April 2018

Sunday, April 26, 2015


Last Friday morning, a card waited at my breakfast place. On the envelope was Ann’s unmistakable script: “Sweet Mary.” That’s what she calls me. The card announced “Another Year of ‘Damn! I’m lucky.’”  At the bottom, she had written, “So true.”

It was the perfect card for marking the twentieth anniversary of our decision to move in together, which included each of us committing to living together so long as we could be true to ourselves and to each other and me writing everyone I knew—my immediate family on one day and other friends and family two days later—coming out to all of them.

Our most common comment to one another through the years has been about how lucky we feel to have found one another, to have found someone who understands and loves us like we never imagined anyone else could. Indeed, our nightly dinner blessing is, “O God, remind me that all of life is grace. Let me respond in gratitude.”

In the beginning, it seemed that rough waters lay ahead. Having divorced my husband and become aware that I had allowed myself to misunderstand myself in such a fundamental way for so many years, I was depressed. To add to that frustration of not having known myself, the superintendent in the district where I taught was harassing me, threatening to take my job and my career. (Fortunately for me, not for his wife, the superintendent was already under investigation for harassing his lover’s husband. There was a restraining order because his lover’s children were in district schools, so he was not allowed to enter some of the schools in the district he was responsible for leading. Great guy. Before long, he was found guilty in court of harassing his lover’s husband, and the district bought out his contract, so he left before I did, though he left with a chunk of cash. I stayed in the district four more years more just to show that I wouldn’t be intimidated.)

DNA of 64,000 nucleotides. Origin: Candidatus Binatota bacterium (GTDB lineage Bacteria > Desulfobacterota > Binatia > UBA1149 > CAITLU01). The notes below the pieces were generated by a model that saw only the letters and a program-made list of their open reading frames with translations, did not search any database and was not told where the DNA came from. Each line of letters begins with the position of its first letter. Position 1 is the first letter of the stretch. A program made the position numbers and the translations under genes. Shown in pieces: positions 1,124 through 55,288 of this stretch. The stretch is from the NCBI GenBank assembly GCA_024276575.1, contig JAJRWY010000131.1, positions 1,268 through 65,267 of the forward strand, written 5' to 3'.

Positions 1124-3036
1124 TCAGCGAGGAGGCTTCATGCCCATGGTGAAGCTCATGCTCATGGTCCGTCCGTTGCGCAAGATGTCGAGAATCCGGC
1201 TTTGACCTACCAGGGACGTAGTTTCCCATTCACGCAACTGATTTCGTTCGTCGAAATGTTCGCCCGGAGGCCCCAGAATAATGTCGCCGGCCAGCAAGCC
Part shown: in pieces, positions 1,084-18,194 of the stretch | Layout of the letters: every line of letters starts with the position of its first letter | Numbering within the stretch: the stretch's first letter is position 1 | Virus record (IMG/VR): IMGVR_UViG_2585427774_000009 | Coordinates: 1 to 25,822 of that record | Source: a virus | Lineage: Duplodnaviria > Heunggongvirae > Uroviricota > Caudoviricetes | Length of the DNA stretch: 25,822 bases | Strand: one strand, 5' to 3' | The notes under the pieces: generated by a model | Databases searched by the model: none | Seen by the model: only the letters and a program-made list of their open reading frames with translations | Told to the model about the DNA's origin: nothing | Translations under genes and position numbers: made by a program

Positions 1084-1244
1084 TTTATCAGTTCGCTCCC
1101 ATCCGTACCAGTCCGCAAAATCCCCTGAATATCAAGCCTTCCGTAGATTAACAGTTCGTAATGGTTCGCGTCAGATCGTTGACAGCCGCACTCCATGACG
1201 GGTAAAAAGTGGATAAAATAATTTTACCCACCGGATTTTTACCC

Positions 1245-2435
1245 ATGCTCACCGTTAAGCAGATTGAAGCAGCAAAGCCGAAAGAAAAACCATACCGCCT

Ann and I traveled down the west coast to Monterrey, California, our first summer. We drove her Dodge Caravan and camped along the way, visiting coastal parks on the way down and interior national parks on the way back north. At the end of the three week trip, we stopped in Ashland, Oregon, where we stayed with our friends Joe and Stephanie. I remember feeling filthy from the weeks of camping when I stepped out of the van and into a very white house: white carpet, white bedspread, white towels. In the shower, there was a wall vase with a single flower. I felt too dirty even to get in the shower. (I did anyway. I think it was the best shower I ever took.)

On the way down the coast, we hiked along a grassy bluff over bright blue waters one sunny day, and during the hike, Ann asked me, “Why aren’t you talking to me?”

I was shocked. The voices of rebuke and arguments in my own defense were such a loud jumble in my mind that I hadn’t realized that I wasn’t talking. We committed on that trip to talk to one another about whatever was on our minds, and for years we had “Saturday morning talks,” where we lazed in bed on Saturday mornings, reviewed the week, and talked about what was going on in our hearts.